Growing food has always been a part of Ian Cameron’s life.

During his early years in England, his father had an allotment;  a piece of land leased from the council to grow his own veggies.

“Dad was always a pretty keen gardener… in them days they used to have those quarter acre blocks …and you ‘d grow a fair bit of stuff in those for your own use, and swap it with other people for what they’d grown,” he said.

“When we moved to Australia we always had gardens in the backyard even when I got married we always had a bit of a veggie garden.”

In 1997, Ian’s interest grew into something bigger, when he and wife Robin left their long-running prawn trawling business to start their own farm at The Pocket, near Billinudgel.

Ian and Robin started with a worm farm, and then expanded into fruit and veggies, which they now sell direct at the New Brighton and Mullumbimby Farmers’ Markets.

Everything is grown in worm castings and fertilised with worm juice, which they also sell at their stall.

Staples on their farm include ginger, turmeric, galangal, citrus, Asian greens and fresh herbs, but Ian is also known for his love of the exotic and unusual, and he tries out a new crop every year.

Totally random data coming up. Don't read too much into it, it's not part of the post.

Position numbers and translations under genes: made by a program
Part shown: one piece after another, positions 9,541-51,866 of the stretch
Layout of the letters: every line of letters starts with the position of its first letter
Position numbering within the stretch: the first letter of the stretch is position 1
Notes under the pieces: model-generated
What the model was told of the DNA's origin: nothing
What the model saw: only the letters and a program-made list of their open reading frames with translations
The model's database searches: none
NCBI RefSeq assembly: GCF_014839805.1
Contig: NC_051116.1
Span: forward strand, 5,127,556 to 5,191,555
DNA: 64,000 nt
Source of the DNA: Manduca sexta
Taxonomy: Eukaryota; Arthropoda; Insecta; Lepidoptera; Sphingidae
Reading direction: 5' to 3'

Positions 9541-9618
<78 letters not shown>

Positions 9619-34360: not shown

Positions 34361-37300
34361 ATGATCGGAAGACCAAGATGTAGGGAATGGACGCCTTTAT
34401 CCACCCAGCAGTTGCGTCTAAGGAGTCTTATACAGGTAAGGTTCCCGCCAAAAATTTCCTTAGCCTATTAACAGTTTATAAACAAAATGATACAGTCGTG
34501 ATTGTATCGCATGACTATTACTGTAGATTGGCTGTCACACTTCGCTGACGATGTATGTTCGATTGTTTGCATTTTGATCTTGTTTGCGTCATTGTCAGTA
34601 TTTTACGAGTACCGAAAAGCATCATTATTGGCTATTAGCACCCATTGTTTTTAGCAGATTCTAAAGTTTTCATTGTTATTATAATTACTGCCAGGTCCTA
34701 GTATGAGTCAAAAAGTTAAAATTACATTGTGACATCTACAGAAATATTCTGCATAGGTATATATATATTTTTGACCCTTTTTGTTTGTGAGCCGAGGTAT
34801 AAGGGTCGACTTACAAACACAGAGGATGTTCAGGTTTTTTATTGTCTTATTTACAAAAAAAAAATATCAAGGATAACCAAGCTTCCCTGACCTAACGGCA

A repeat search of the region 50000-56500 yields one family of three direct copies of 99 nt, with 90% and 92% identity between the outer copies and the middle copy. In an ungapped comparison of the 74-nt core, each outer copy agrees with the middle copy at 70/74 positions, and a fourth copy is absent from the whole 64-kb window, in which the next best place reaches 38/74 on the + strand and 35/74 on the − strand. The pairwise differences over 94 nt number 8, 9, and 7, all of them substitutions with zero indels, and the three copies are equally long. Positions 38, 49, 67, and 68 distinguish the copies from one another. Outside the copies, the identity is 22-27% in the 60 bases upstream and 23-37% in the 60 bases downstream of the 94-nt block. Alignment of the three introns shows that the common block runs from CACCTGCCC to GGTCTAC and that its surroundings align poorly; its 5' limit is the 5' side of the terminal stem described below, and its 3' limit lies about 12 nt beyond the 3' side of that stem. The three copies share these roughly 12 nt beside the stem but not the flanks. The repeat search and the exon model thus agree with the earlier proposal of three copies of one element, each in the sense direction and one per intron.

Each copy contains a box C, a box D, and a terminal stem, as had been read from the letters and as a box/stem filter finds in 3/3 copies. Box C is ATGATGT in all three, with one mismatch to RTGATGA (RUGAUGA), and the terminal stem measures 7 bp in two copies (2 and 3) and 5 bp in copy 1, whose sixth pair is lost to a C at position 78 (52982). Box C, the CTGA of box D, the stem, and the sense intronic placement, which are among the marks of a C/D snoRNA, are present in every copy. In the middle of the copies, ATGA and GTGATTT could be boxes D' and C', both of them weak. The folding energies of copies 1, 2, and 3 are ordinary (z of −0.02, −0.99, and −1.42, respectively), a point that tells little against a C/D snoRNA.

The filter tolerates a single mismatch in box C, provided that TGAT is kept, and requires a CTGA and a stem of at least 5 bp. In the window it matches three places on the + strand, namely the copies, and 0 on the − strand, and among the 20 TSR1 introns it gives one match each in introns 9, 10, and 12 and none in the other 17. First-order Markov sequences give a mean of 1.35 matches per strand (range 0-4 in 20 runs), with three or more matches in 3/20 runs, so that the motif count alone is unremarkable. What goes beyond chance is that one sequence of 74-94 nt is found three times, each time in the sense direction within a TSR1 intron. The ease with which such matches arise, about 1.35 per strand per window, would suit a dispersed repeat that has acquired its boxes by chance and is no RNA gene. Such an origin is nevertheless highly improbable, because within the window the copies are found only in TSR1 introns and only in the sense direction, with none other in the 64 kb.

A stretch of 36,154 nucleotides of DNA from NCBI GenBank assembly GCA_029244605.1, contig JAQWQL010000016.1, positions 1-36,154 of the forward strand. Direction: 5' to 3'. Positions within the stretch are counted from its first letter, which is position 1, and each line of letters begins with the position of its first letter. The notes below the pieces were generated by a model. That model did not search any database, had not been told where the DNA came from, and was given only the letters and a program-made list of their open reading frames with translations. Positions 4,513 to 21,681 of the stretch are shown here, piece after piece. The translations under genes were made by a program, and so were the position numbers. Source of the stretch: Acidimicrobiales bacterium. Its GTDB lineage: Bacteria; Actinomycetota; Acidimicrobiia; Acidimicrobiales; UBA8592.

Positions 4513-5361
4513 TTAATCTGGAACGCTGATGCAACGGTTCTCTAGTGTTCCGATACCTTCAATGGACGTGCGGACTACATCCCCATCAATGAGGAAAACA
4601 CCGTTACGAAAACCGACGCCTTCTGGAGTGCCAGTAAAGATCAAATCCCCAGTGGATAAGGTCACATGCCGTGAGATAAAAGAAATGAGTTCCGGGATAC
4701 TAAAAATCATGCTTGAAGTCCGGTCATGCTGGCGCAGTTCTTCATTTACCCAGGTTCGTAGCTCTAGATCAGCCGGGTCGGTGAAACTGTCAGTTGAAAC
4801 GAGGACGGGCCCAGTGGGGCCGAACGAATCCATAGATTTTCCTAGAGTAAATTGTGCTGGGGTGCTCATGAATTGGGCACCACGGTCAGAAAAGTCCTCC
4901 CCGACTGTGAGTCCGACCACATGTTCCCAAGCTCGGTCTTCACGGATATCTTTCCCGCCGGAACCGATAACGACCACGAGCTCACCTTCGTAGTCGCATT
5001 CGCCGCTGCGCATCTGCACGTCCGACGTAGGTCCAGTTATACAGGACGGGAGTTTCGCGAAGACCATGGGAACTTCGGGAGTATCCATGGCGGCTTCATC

Sometimes, these experiments fail completely, like the snake gourds he grew once: “I didn’t take them to to the market they looked so awful,” he laughed… I had a look and chucked them.”

Other times, people just need a little convincing : “like Amaranth,” said Ian, “It’s a sort of summer kale, it’s got the same nutrient value as kale, but trying to get people to eat it, it’s hard.”

Most of the time, however, people at the farmers markets embrace the unusual, and are keen to taste something other than the stock standard produce available in most supermarkets, be it Ian’s purple snake beans, New Guinea beans or Kang Kong, an Asian leafy green that thrives in our hot humid summers..

For Ian, it’s all about growing what works in our climate, keeping diversity and variety alive and the joy of growing something new:  “I just like growing new things to see what they look like.”

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